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Fresh perspectives on art, life, and current events. From deep dives to quick takes to insightful interviews, it’s the museum in conversation. Beyond the walls. Outside the frame. Around the world.

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Migration matters: How art can help us grasp the growing crisis

By Tim Gihring Erika Lee’s grandfather came to the United States from China in 1918, sailing into the harbor of San Francisco. He was 16, a farmer’s son. The Chinese Exclusion Act that was designed to stop him and all other Chinese immigrants, except for students, teachers, merchants, diplomats, and tourists, had been in place 

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The art of leaving: A major exhibition sheds light on the largest global movement in history

By Tim Gihring As long as there have been people, people have moved. Left home for someplace new, for better or for worse. But there have never been so many people on the move who would rather have stayed—who have been forcibly displaced—as there are today: nearly 70 million worldwide, according to an estimate from the 

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You Were Never Here: How Alyssa Baguss captures our curious, digital relationship with nature today

Why do we care so much about the wildfires that ravaged Australia? Most of us have never been to the continent, let alone describe the ecologies impacted by the natural disaster, beyond “cute, cuddly” kangaroos and koalas. In contrast to natural disasters closer to home, we care about Australia because we feel like we know 

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A journey of quilts: How five of the famous Gee’s Bend textiles came to Mia

The hamlet of Gee’s Bend is in the Black Belt of Alabama, a reference to the rich dark soil that enabled the region’s cotton plantations and to the thousands of enslaved African Americans who worked them. After emancipation, Gee’s Bend fell into a cycle of sharecropping, debt, and poverty. A dam built in 1962 flooded 

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How climate change and colonialism are spurring mass migration: The violent roots of today’s unprecedented displacement

By Tamira Amin, Learning Innovation Fellow at Mia Forced migration and its horrors are never too far from my mind. My extended family is strung out across four continents. Couples have married and elders have been laid to rest without reunion. My parents fled violence in Ethiopia over 30 years ago and I have yet 

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A rare book and a Titanic tragedy: How a misunderstanding revealed a remarkable history

A few years ago, a curator at Mia asked the museum’s library to find a specific edition of an out-of-print book from 1902. He was preparing an exhibition on anti-Semitism and was intrigued by the illustrations in the book, called The Spirit of the Ghetto, about the Lower East Side of Manhattan when it was the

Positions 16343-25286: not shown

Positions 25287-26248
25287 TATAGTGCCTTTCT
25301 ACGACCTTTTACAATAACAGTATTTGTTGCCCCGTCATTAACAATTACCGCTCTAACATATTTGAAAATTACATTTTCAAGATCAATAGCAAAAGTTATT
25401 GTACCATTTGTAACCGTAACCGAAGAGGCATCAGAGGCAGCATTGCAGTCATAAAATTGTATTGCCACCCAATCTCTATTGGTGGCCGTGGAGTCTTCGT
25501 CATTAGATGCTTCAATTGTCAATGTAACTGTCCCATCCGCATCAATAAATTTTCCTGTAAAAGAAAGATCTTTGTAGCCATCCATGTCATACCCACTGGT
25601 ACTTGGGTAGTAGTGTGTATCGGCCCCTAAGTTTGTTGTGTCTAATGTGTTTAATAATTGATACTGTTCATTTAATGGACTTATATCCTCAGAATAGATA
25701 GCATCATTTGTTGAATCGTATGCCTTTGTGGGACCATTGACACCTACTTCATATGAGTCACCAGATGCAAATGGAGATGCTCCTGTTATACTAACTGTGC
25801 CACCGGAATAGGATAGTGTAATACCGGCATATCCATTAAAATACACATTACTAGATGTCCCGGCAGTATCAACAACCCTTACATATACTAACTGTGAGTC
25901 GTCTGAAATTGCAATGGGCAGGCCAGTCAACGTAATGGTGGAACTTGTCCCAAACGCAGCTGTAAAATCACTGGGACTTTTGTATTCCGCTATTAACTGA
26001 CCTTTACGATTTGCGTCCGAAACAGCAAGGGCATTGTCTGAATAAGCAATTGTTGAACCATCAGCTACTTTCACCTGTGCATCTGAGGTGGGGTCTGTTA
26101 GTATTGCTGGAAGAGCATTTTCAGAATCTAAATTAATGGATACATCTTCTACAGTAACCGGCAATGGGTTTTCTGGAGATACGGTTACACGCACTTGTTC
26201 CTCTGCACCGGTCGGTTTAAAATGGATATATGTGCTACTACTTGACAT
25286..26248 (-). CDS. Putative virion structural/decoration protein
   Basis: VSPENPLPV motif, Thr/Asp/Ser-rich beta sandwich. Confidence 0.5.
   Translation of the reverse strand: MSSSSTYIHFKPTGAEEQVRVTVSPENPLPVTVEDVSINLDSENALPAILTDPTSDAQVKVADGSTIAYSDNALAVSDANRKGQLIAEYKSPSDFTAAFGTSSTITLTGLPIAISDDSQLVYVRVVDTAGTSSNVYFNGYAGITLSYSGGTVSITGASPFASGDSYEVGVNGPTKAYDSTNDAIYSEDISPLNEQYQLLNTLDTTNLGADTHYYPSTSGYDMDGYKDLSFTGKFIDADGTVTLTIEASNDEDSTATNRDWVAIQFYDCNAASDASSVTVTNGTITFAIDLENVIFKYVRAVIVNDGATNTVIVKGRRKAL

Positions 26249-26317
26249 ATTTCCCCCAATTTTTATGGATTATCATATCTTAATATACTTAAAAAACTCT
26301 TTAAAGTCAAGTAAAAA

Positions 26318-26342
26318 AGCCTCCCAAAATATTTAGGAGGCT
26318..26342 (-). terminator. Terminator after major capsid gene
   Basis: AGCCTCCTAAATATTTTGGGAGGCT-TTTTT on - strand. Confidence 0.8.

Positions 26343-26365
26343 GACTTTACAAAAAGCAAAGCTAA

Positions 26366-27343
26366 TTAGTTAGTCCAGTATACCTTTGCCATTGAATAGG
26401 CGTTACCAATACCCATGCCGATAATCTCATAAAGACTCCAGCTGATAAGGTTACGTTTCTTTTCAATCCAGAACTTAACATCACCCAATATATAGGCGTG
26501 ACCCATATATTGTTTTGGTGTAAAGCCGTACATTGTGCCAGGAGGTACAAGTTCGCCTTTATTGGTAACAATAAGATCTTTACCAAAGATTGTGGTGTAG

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Bringing it All Back Home: How Martha Rosler brought the Vietnam War into the American living room

Artist Martha Rosler wanted to bring the war home. As the Vietnam War escalated half a world away, she wanted Americans to recognize their proximity to it, and perhaps even their complicity with it. She did just that in the work that appears in “Artists Respond: American Art and the Vietnam War, 1965–1975,” an exhibition 

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How “Family Conversations” are Empowering Youth to Take Action on Issues Important to Them

On a Saturday morning in late October, about a dozen kids and their families gathered at Mia for a discussion of civic engagement. What is it? Why is it important? And, perhaps most curiously, why are we talking about it in a museum? It’s a program called Family Conversations — a collaboration between Mia Family 

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Saymoukda Duangphouxay Vongsay on curating this month’s Open House: Welcome Home

By Anniessa Antar Saymoukda Duangphouxay Vongsay was 3 years old in the early 1980s when she and her family emigrated from a refugee camp in Thailand to Minnesota. Now, she amplifies refugee voices through her writing, including experimental plays that have been presented by the Smithsonian APAC, Theater Mu, and other organizations. She also serves 

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Cy Thao explains how he created his epic, 50-painting series on Hmong history—and why

In 1990, Cy Thao decided to paint the history of Hmong involvement in the Vietnam War, the secret war in northern Laos that killed tens of thousands of his people. He was at the University of Minnesota–Morris then, studying art in a small rural college town, and the timing seemed right. “The war stuff was 

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